Marriage in these difficult economic times can be stressful enough, but when both spouses have credit card debt, it can make things even worse. Stress can sometimes lead to arguments and problems within a marriage and unmanageable credit card debt can be the leading source of this stress. When partners begin to blame each other for the financial situation that they may be in, it can’t be good for the marriage.

    One approach, instead of wasting time and energy on finger pointing, is to concentrate on solving the problem by getting your credit card debt in order and maybe even trying to pay off the debt entirely, if possible. At the very least, identify a solution like contacting a reputable credit counseling company to assist you in paying off this debt. This will probably bring the two of you even closer together.

    Couples can have arguments all the time about things like who will do the laundry and even how the kids should be disciplined, so having a disagreement about something like how to handle credit card debt is not uncommon. It’s likey! One person may want to attack the credit card debt aggressively until it’s paid in full, while the other person might prefer to make minimum payments so they can save up to pay cash for a vacation. Having unmanageable credit card debt is something that never brings two people closer together - NORMALLY.

    Some marriage experts say having financial problems such as credit card debt is the single biggest reason for filing a divorce, while some other experts in the marriage field suggest that financial difficulties might just be a default problem that couples can blame all of their other problems on. Below are a few ideas on how to do to deal with credit card debt and avoid having it become a relationship problem:

    1. Share information with your partner. If you have not merged your finances, your spouse must have an accurate idea of your financial situation – No matter how embarrassing it may be.

    2. Sit down with your partner and plan your attack. Create a budget and stick to it. Make it fair and realistic to the both of you.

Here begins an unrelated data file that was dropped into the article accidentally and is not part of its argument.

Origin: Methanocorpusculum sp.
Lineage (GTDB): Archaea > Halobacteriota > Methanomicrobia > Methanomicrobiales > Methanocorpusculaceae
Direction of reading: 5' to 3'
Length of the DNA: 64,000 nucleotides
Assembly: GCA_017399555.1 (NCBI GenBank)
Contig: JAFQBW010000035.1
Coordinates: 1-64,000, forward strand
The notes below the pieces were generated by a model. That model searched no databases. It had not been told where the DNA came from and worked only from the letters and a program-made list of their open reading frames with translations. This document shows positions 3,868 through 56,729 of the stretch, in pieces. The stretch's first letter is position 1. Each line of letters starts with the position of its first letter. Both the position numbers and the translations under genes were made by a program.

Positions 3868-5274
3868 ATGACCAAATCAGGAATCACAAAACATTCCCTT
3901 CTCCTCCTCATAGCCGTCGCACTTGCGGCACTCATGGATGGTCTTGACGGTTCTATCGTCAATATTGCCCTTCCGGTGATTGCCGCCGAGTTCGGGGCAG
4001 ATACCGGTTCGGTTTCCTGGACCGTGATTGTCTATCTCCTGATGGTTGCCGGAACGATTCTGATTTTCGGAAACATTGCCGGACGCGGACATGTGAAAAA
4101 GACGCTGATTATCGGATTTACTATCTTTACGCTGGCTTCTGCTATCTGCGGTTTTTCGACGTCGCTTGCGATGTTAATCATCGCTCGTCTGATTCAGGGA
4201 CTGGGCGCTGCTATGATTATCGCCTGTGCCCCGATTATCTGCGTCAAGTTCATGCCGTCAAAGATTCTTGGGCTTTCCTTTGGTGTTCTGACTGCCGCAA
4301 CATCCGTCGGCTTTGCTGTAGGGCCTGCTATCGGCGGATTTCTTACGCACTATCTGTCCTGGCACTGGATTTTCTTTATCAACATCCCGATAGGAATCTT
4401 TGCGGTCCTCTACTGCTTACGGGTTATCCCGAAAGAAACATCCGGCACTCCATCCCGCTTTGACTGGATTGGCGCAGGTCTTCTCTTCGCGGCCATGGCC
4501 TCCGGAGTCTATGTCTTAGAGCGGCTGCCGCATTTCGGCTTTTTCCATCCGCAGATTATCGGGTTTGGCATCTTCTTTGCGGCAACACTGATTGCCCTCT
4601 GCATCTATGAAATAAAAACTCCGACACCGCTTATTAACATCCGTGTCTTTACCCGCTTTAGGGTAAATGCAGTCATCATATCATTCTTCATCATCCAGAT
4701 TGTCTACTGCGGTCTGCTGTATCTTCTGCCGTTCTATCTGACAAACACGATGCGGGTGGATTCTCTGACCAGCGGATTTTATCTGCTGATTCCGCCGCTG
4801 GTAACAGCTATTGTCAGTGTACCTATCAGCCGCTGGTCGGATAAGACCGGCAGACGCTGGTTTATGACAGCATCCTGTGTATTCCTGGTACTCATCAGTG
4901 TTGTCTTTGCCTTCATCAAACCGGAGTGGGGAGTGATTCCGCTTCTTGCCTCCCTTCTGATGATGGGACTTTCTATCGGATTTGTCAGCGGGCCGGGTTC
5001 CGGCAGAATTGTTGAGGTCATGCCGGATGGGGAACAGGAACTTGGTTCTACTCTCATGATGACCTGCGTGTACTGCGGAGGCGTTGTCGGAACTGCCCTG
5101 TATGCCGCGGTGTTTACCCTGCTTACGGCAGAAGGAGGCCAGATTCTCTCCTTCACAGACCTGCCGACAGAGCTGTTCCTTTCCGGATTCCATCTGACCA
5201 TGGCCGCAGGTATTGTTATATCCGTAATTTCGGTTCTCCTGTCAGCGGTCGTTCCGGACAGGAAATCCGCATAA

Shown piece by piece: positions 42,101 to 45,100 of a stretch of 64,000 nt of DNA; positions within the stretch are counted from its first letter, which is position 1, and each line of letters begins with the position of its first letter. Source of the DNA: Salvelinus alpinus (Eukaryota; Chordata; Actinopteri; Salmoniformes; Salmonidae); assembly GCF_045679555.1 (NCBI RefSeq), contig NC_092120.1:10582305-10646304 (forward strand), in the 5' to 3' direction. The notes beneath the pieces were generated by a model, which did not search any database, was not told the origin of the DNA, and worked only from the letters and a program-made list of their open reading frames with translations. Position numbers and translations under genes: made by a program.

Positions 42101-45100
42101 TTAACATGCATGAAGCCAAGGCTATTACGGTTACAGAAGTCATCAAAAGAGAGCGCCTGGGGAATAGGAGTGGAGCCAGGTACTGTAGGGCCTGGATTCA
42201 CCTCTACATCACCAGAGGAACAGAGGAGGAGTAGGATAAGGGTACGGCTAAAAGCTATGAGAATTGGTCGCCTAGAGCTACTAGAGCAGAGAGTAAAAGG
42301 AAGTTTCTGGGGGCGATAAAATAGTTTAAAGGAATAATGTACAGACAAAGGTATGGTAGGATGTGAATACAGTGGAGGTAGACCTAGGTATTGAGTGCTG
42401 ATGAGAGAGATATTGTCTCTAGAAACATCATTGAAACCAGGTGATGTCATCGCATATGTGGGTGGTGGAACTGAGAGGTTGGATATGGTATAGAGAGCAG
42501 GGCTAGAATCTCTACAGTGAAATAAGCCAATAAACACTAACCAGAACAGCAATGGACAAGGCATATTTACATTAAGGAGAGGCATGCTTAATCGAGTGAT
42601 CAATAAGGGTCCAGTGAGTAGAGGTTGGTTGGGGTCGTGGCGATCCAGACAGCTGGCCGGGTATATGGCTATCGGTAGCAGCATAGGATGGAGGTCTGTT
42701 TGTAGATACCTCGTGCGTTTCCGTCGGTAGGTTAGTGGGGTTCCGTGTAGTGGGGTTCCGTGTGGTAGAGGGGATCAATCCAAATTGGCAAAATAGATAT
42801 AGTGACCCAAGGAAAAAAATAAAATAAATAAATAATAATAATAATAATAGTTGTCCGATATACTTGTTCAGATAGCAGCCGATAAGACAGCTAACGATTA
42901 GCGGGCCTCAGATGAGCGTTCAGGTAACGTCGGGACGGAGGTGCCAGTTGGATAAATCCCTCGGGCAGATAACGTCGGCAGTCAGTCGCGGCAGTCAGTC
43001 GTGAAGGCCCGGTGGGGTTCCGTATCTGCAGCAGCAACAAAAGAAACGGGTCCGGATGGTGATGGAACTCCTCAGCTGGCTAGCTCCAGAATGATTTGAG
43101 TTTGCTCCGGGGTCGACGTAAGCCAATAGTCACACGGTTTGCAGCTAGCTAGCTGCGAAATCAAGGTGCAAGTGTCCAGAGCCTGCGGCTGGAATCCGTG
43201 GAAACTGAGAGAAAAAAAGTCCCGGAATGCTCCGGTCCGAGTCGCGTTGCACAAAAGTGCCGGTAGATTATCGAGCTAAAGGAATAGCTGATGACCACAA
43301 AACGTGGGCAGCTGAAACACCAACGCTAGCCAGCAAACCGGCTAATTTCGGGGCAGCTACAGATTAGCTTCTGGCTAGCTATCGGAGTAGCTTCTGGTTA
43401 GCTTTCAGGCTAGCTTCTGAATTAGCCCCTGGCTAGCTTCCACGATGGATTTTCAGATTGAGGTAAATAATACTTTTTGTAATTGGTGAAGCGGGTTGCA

3. Make sure you stick to the plan. Keep each other accountable in all financial matters. Buying a new TV with your credit card when you don’t need it and it’s not in your budget is unacceptable. Both of you should agree on the purchase and it should be budgeted for.

    4. Forgive each other. You’ll probably both slip up occasionally when it comes to paying off your credit card debt. A healthy marriage will allow both partners periodic mistakes when dealing with money and in other areas.

    Now if you’re recently divorced and need help on how to take care of the financial mess that you may have inherited, or want to be proactive and avoid future problems, here are some things you should do:

    1. Get your credit report. Get an idea of what type of financial situation you are dealing with. Educate yourself on what’s being reported about your credit.

    2. Protect your good credit. You are responsible for joint accounts. Even if a divorce judge orders your ex-spouse to pay a certain bill, you’re still legally responsible for making sure it is paid because you signed an Agreement with the creditor to do so. Close or separate joint accounts. Keep paying all bills timely.

    3. Establish new credit independently. Start small and build slowly.

    4. Bankruptcy is your LAST resort. Bankruptcy should be the last option if you are in over your head.

    5. Consider mediation to assist you. For communication and commitment issues, consider a Marriage Counselor. For financial issues, consider a reputable Credit Counseling Company.